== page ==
Labour will invest an additional £25bn in schools over three years to raise standards with a number of policies aimed at improving educational outcomes.
The funding, to be announced on Thursday, would come from the £5.5bn increase for schools outlined in Labour’s manifesto and the accompanying ‘grey book‘ costing document.
The plans include:
- Capping all class sizes to 30 pupils;
- Guaranteeing that every child is taught by a qualified teacher, by ensuring 25,000 currently unqualified staff are fully trained during Labour’s first term in office;
- Ensuring teachers will have more times for lesson plans;
- Investing in making buildings safe with a new fund of £7bn to deal with the backlog of vital repairs;
- Closing the gap in funding for pupils with special educational needs and disabilities with extra funding to reverse deficits in the high needs budget;
- Reversing cuts to the pupil premium and increasing spending on it to above inflation.
Commenting on the proposals, Angela Rayner said: “Labour will transform education standards in this country for every child, capping class sizes and ensuring every child is taught by a qualified teacher in a safe school building.
“We will invest in record per pupil funding, restore the pupil premium and close the gap in support for children with special educational needs and disabilities, to give every child the support they need.”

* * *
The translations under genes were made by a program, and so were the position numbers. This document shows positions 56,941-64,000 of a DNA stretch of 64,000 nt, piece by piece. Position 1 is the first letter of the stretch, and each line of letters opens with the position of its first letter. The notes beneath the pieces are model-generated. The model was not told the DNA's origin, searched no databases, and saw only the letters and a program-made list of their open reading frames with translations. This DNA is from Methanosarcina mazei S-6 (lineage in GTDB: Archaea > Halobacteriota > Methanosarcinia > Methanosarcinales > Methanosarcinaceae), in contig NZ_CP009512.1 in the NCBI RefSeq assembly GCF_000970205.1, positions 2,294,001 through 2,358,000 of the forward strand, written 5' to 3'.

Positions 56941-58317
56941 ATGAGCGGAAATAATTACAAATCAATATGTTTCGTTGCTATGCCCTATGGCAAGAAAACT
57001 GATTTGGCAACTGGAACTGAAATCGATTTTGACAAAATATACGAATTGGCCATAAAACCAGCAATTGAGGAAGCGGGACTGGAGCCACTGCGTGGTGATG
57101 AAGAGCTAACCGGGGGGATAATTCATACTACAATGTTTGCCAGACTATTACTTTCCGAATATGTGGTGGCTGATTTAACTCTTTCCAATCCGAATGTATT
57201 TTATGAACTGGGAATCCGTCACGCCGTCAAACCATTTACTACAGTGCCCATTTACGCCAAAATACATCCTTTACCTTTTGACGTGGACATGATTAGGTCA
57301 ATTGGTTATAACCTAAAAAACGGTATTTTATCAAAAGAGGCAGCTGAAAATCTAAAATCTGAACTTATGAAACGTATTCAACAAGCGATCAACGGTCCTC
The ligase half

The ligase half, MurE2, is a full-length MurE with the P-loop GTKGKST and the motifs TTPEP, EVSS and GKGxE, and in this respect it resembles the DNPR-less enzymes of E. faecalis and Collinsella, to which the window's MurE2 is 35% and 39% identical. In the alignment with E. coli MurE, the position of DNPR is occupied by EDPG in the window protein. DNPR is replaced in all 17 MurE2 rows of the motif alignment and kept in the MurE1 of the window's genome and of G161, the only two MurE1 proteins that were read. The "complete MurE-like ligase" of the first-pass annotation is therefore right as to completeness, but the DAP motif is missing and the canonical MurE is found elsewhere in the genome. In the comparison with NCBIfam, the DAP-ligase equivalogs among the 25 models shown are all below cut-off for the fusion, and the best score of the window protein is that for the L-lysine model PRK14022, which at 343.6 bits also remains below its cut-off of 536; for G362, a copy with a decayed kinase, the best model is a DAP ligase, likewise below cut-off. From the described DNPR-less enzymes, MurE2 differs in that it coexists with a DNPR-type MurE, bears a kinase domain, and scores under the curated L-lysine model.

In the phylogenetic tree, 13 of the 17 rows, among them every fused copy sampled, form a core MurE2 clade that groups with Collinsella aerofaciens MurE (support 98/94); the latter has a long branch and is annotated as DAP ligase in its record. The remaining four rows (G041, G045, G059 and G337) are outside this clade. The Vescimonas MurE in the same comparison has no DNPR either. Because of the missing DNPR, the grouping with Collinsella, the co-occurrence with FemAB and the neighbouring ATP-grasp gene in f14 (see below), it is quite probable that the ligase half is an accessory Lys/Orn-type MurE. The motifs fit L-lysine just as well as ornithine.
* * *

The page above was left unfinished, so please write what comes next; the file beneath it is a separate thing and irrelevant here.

According to the Institute for Fiscal Studies, Labour’s plans for school spending would almost double the increase in per pupil funding being proposed by the Conservatives.
The £25bn promised by Labour is significantly higher than the £14bn spending commitment from the Tories – and Boris Johnson’s party has not committed to maintaining the pupil premium.
Rayner added: “The Tories cannot be trusted to do this. They have slashed school funding for the first time in a generation, leaving pupils taught by unqualified teachers, crammed in to super-sized classes, and not receiving the support they need.”
Labour says its investment would follow almost a decade of austerity in schools, with a real-terms freeze in school funding under both the coalition and Conservative governments.
Over 600,000 children are being taught by unqualified teachers and nearly half a million are learning in ‘super-sized’ classes – an increase of 29% since 2010, the party has found.
Labour’s latest announcement follows a recently released report from the OECD, which revealed that schoolchildren in Britain are more likely to be “miserable” and have low life satisfaction compared to pupils in other countries.